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California State Amphibian

California Red-legged Frog Rana draytonii Adopted: June 28, 2014
California state amphibian
California State Amphibian: Califorinia Red-Legged Frog
Photographs

Sea View Elementary School is located near the Salton Sea in Salton City, California.

The idea for an official state amphibian was initiated by Sea View Elementary School 3rd grade teacher Virginia Haddad and students from the "Prodigy Cats" after-school club.

Upon the suggestion from Haddad, the students took on a project to make the red-legged frog the official state amphibian of the State of California.

In 2013, once the students had settled on the idea, they sent a letter to Assemblyman V. Manuel Pérez of Coachella.

They received no response, so a second letter was sent. This time the students were more successful and were eventually able to persuade him to sponsor a bill in the California State Legislature.

Assembly Bill No. 2364 was introduced to the California General Assembly, by Assembly Member V. Manuel Pérez on February 24, 2014.

Assembly Bill No. 2364

An act to add Section 422.7 to the Government Code, relating to state government.

The people of the State of California do enact as follows:

SECTION 1. The Legislature finds and declares all of the following:

(a) The California red-legged frog is the largest native frog in the western United States and is found almost exclusively in California with a few sightings in Baja California and Mexico.

(b) The California red-legged frog is particularly well known as a result of Mark Twain’s famous short story “The Celebrated Jumping Frog of Calaveras County,” which featured the species.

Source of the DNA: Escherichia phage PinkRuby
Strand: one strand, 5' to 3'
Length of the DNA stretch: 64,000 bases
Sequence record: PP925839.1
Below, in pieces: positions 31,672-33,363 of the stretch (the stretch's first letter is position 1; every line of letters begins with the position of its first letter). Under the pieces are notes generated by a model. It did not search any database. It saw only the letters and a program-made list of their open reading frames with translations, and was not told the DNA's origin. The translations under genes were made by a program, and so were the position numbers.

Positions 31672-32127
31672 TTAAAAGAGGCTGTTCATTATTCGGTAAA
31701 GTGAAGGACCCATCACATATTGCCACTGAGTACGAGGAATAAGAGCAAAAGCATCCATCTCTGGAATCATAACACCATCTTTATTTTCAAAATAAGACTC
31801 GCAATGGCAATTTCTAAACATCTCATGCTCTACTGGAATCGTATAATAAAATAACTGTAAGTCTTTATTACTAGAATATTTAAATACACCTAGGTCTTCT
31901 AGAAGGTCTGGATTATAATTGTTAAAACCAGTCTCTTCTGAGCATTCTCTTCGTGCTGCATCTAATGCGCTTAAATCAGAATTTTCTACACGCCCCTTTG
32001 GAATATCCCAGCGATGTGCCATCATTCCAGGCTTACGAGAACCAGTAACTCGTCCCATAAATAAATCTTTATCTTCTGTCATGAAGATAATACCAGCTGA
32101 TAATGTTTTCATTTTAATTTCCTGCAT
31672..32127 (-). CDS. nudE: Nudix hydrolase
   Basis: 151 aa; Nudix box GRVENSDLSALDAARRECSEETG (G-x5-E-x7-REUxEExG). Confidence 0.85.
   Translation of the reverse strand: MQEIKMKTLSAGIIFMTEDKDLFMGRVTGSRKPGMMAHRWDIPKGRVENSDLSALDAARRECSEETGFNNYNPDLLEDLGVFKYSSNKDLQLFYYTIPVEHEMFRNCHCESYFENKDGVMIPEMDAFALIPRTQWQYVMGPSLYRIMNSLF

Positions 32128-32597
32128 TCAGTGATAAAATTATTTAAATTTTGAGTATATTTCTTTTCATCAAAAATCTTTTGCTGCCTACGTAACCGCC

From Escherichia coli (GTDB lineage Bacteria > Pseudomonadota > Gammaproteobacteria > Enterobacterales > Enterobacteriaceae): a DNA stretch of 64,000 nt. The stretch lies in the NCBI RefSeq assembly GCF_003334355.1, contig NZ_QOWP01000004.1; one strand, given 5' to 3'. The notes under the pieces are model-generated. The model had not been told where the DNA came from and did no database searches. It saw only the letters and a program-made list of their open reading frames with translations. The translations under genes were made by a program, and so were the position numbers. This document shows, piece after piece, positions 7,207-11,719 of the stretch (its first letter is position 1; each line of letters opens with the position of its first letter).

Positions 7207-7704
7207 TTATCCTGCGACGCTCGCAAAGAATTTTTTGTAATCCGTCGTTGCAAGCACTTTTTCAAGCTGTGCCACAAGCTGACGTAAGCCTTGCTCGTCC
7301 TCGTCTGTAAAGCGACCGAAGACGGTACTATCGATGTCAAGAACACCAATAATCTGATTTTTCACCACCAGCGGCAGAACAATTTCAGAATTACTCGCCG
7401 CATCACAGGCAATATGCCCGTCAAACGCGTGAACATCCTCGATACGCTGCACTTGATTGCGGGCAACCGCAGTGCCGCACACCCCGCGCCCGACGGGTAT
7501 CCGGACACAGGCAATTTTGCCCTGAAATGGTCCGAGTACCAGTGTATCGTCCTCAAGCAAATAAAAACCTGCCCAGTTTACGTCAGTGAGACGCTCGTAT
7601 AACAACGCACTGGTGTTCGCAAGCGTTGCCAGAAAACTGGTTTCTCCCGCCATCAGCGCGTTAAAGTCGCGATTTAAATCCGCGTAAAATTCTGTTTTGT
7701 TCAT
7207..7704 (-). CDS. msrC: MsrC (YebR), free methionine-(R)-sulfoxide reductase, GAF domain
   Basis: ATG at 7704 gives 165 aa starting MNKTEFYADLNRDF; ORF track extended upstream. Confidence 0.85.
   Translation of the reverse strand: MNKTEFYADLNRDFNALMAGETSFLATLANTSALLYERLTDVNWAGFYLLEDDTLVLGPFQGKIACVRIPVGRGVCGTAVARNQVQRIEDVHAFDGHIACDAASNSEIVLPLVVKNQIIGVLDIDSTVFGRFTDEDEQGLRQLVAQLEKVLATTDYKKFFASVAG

(c) The California red-legged frog’s unique place in California’s history extends as far back as the 19th century Gold Rush. Miners, known as forty-niners, consumed nearly 80,000 frogs per year, nearly eating the species into extinction.

(d) While the California red-legged frog no longer has to fear the fork, the species continues to face myriad natural and manmade threats, including the introduction of invasive species into the California red-legged frog’s habitat, as well as habitat loss. In fact, according to the United States Fish and Wildlife Service, populations of the California red-legged frog have disappeared from nearly 70 percent of its historically known habitat. In May 1996, the species was listed as a federal threatened species, with the state also classifying it as a species of special concern and subject to protection in June 1996.

(e) Declaring the California red-legged frog as the official state amphibian of California will acknowledge the species’ important place in the ecology, culture, and history of California, as well as broadcast and reinforce the state’s commitment to protecting endangered species.

SEC. 2. Section 422.7 is added to the Government Code, to read:

422.7. The California red-legged frog (Rana draytonii) is the official state amphibian.

In addition to the students from Sea View Elementary School, supporters of the bill included:

  • Action for Animals (AFA), operating under the simple principle that animals do not exist for humans to eat, wear, experiment on, or use for entertainment.
  • Humane Society of the United States, the nation’s largest animal protection organization, rated the most effective by its peers.
  • Live Oak Associates, Inc., ecological consulting firm offering expert biological and ecological consulting services.
  • Save the Frogs, the world's leading amphibian conservation organization.
  • Sierra Club, the nation's largest and most influential grassroots environmental organization.

Assembly Bill No. 2364 was approved by a full vote of the Assembly on April 24, 2014 (52 ayes, 10 no) and forwarded to the California State Senate for consideration.

The Senate approved the bill on June 19, 2014 (24 ayes, 9 no).

On Saturday, June 28, 2014, Governor Jerry Brown signed Assembly Bill No. 2364 designating the California red-legged frog the official state amphibian of California.


Sources...

"AB-2364 State amphibian: California red-legged frog." California Legislative Information. State of California, 30 June 2014. Web. 30 June 2014. <http://leginfo.legislature.ca.gov/faces/billNavClient.xhtml?bill_id=201320140AB2364>.